The move to back an independent candidate rather than their own nominee is the first effort of its kind in Utah’s party history.
The unprecedented decision, McMullin said, shows “Utah Democrats are putting country over party.”
“We have a tremendous amount of common ground (in) this coalition of Democrats, independents, principled Republicans … who want to make a change,” McMullin said. “This idea that our differences are greater than what we have in common are just false.”
Wilson, who voiced the key motion in favor of McMullin, made an emotional plea to her fellow Democrats. She said she knows from her unsuccessful bid for U.S. Senate against Sen. Orrin Hatch in 2018 “our numbers don’t add up.”
“We need this coalition. It’s a practical matter,” Wilson said. “This is a good move for us.”
Two posts in one day involving Utah is almost certainly an OTB record.
I had never heard of McMullin until he launched his quixotic bid to siphon votes away from Trump in August 2016, well after the deadline to get on the ballot in half the states. While there was some hope that he would at least turn the tide in Utah, it did not come to pass.
As Steven Taylor reminded us again yesterday, the flawed nature of representation in the US system makes party labels matter more than just about anything else, including policy positions and even common decency. Still, despite no experience as a political candidate, McMullin garnered 21.54% of the votes in Utah in 2016, compared to 27.46% for Clinton and 45.54% for Trump. While that doesn’t seem impressive, Trump got 58.13% of the vote to Biden’s 37.65% in 2020.
Absent a Democrat on the ballot, then, it’s not inconceivable that McMullin could win. If you add his votes and Clinton’s in 2016, you get to 49% and beat Trump.
Then again, Lee did much better than Trump in 2016, getting 68.2% of the vote to his Democratic opponent’s 27.1%. Note that this is also ten points better than Trump did in 2020.
Still, Utahans are fine people and maybe there’s a backlash against Lee’s role in the attempt to steal the 2020 presidential election? Color me skeptical. The latest polling I can find is from March 30 and this is what it shows:
Sen. Mike Lee comes out on top in a three-way race for U.S. Senate against a Democrat and an independent in a new poll, though less than half of Utah voters would choose the incumbent Republican.
The latest Deseret News/Hinckley Institute of Politics survey also found nearly a quarter of Utahns don’t know who they would vote for with the November election still seven months away.
The poll found 43% of voters say they most likely would support Lee in the general election, 19% favor independent candidate Evan McMullin and 11% would pick Democrat Kael Weston. Another 3% would go for someone else, while 24% are undecided.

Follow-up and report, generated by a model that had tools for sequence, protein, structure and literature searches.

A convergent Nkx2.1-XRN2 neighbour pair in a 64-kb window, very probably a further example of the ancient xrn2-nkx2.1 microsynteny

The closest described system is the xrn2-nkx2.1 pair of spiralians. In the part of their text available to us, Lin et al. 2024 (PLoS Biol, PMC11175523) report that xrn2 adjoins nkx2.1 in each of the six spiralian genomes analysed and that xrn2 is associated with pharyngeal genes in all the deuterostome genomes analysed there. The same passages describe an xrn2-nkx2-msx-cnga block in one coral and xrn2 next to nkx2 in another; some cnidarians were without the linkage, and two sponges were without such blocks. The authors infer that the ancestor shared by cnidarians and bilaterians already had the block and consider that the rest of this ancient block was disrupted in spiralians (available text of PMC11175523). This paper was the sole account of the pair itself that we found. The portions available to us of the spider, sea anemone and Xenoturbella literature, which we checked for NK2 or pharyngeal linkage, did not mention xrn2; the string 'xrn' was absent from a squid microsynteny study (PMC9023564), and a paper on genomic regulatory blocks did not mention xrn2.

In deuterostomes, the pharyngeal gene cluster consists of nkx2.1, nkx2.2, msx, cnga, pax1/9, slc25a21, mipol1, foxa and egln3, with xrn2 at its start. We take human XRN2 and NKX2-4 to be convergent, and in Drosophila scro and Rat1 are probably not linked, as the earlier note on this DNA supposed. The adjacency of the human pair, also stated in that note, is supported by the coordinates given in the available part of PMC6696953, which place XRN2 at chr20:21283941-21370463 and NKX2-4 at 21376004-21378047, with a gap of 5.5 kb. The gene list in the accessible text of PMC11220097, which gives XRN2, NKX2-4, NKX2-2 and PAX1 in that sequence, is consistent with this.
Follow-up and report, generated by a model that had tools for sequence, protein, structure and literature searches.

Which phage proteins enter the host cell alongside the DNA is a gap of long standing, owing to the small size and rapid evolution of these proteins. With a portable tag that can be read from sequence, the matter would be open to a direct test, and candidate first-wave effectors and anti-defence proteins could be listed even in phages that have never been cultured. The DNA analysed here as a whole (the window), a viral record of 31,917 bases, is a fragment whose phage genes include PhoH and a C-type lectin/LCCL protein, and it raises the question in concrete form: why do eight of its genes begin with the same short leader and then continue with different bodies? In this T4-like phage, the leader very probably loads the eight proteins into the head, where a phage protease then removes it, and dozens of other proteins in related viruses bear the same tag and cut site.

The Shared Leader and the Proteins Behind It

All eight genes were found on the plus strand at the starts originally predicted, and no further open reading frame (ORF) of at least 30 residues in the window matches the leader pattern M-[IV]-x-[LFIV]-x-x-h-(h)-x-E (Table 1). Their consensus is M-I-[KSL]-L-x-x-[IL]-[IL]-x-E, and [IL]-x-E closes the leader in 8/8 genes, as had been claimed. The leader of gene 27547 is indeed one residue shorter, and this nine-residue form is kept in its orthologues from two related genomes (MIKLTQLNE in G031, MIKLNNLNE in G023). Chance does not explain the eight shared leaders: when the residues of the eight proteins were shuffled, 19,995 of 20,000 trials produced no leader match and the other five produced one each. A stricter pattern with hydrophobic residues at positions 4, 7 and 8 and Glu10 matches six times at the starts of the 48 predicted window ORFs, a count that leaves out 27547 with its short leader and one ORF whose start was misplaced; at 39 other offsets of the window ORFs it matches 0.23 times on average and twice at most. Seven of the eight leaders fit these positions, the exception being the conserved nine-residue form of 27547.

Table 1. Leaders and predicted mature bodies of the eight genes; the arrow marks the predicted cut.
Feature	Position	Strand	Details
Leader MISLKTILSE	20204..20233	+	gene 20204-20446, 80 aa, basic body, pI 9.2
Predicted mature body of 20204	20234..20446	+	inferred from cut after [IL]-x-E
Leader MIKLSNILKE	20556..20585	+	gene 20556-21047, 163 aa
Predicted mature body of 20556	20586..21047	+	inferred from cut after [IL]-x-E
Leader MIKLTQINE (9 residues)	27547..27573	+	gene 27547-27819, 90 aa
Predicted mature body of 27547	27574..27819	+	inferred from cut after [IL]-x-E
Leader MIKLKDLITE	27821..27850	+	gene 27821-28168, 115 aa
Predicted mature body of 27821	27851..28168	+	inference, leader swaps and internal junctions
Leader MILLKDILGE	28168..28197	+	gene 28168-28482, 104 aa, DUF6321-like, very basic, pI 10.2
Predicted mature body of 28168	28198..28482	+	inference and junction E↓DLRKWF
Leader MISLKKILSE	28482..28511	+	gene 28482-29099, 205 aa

Let’s assume that 43% is Lee’s floor. Again, he got half again that much the last time he was on the ballot. Let’s assume, for the sake of argument, that Democrats will go along with being disenfranchised and hop aboard the McMullin train without reservation. That brings McMullin from 19% to 30%. Let’s assume that McMullin also gets the “someone else” votes. That brings him to 33%. Only ten points behind! So that would just mean he’d need to split the “undecided” votes a little more than 2-to-1 to overtake Lee.
So I’m saying there’s a chance? I am. But, frankly, not much of one. Then again: there’s no conceivable scenario in which a Democrat would beat Lee. (No, not even a Roy Moore scenario. While Alabama is a deep red state, it’s still 40 percent Democratic, mostly owing to a sizable Black population.)
One other thing: I can’t answer a rather obvious question from the news articles I’ve read this morning or scouring of McMullin’s campaign website: with whom does he intend to caucus in the event he somehow wins? He says he’s an “independent voice for Utahans” and his policy priorities are hard to pigeonhole. But the two “Independents” currently in the Senate, Bernie Sanders and Angus King, both caucus with the Democrats. Will McMullin do the same? If so, he’s effectively a Democrat. If he caucuses with the Republicans, he’s effectively a Republican even if he’s the GOP’s version of Joe Manchin. And if he refuses to caucus with either party, then Utah is denied representation on important committees.
But, again, that’s largely a theoretical question. I’d bet a lot of money that Utahans vote for the person on the Republican ballot line over the “independent” who was a staunch Republican six years ago.